• Short Summary

    Interesting story about villagers of Didcot who are wary of new atomic research centre nearby.

  • Description

    Various scenic shots of the sleepy village of Didcot in Berkshire - fields, horse riding, tractors, children walking down a country road, old folks chatting, young boys playing football etc.

    The government's new atomic research centre is near to all this pastoral glory. Over various shots of elderly local people, women hanging out their washing and farmers tending their sheep we are told that everyone in the village is worried about this new research centre. Bert Bailey - a local shepherd is concerned about the land where his sheep graze. C/Us of men in the local pub discussing the situation - these include Bill Bradfield, Fred Carter and Ben Mullins. Nice shots of these elderly men.

    Various shots of the Harwell Government Atomic Energy Research Establishment. C/Us of security guard then L/S of him opening gates. Group of young women arrive at the gates for work. Group of young men follow. There is a new town which has been built to house workers at the research centre. Various shots of the prefab style houses. Security guards check lorries which arrive at the research station.

    M/S of local women looking out across the fields at the research station then travelling along a country road in a horse drawn cart. "The villagers let them get on with it" states the narrator: "The Atom has nothing to do with them. It belongs to tomorrow. And tomorrow can take care of itself - and the Atom..."

    Note: there is a suggestion of secrecy surrounding the research establishment. The villagers are wary of this new modern world just across the fields.

  • Tags

  • Data

    Film ID:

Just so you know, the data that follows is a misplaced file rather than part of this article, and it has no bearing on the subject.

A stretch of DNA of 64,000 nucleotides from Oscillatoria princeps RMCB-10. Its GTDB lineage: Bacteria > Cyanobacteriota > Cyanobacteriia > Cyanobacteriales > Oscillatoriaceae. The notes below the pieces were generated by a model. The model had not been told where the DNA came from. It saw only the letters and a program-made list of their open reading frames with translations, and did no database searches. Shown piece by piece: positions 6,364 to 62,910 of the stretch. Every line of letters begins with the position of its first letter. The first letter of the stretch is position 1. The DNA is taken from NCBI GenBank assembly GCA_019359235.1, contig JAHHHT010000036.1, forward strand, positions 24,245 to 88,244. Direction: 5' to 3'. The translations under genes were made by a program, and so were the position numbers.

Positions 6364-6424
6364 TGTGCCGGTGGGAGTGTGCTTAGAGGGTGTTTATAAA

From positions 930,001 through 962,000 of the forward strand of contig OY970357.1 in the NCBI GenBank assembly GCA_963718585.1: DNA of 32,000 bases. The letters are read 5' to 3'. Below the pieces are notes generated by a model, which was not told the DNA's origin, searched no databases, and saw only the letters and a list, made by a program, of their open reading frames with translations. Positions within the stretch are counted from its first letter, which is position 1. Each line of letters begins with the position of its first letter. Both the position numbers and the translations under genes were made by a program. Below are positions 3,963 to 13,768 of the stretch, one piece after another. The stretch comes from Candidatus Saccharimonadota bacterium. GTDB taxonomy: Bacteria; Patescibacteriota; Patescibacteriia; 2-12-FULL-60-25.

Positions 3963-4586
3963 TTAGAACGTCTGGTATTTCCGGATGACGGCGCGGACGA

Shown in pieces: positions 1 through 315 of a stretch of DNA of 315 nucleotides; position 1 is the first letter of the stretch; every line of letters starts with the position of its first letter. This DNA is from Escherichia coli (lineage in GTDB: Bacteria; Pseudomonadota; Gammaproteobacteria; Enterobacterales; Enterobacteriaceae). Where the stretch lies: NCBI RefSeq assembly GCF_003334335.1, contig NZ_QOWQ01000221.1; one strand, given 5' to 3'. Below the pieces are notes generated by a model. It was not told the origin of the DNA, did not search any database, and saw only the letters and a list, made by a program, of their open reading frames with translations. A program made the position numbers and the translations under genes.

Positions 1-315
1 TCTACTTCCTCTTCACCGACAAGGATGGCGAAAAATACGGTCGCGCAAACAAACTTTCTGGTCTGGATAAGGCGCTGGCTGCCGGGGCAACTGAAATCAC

Media URN:
    New pictorials
    British Pathé
    Issue Date:
    HD Format:
    Available on request
    Black & White
    Time in/Out:
    01:50:07:00 / 01:54:11:00
    NP 145

Comments (1)

  1. Unknown user says

    The village scenes from 0:25 to 0:42 (and possibly the two scenes either side) are actually of nearby Blewbury, not Harwell. All the buildings are easily identified as they have changed little in 66 years. The closing frames are also views of Blewbury, looking north-east with Blewburton hill in the background.

    Fascinating footage of Harwell Labs in their earliest days! Now only one aircraft hangar survives, the huts were removed in the 1970's I believe, and sadly most of what remains will shortly disappear as the site continues to be decontaminated and developed as one of the premier technology parks in Europe. The fine RAF buildings are not deemed sufficiently important to be listed by English Heritage, more's the pity.

    The commentry is lame - repeating 'the atom' endlessly without attempting to describe what the lab was for - cutting edge nuclear technology and all its peaceful applications, such as power generation and production of isotopes for medical use to name two.

    Report comment
    Report comment

We always welcome comments and more information about our films.
All posts are reactively checked. Libellous and abusive comments are forbidden.

Add your comment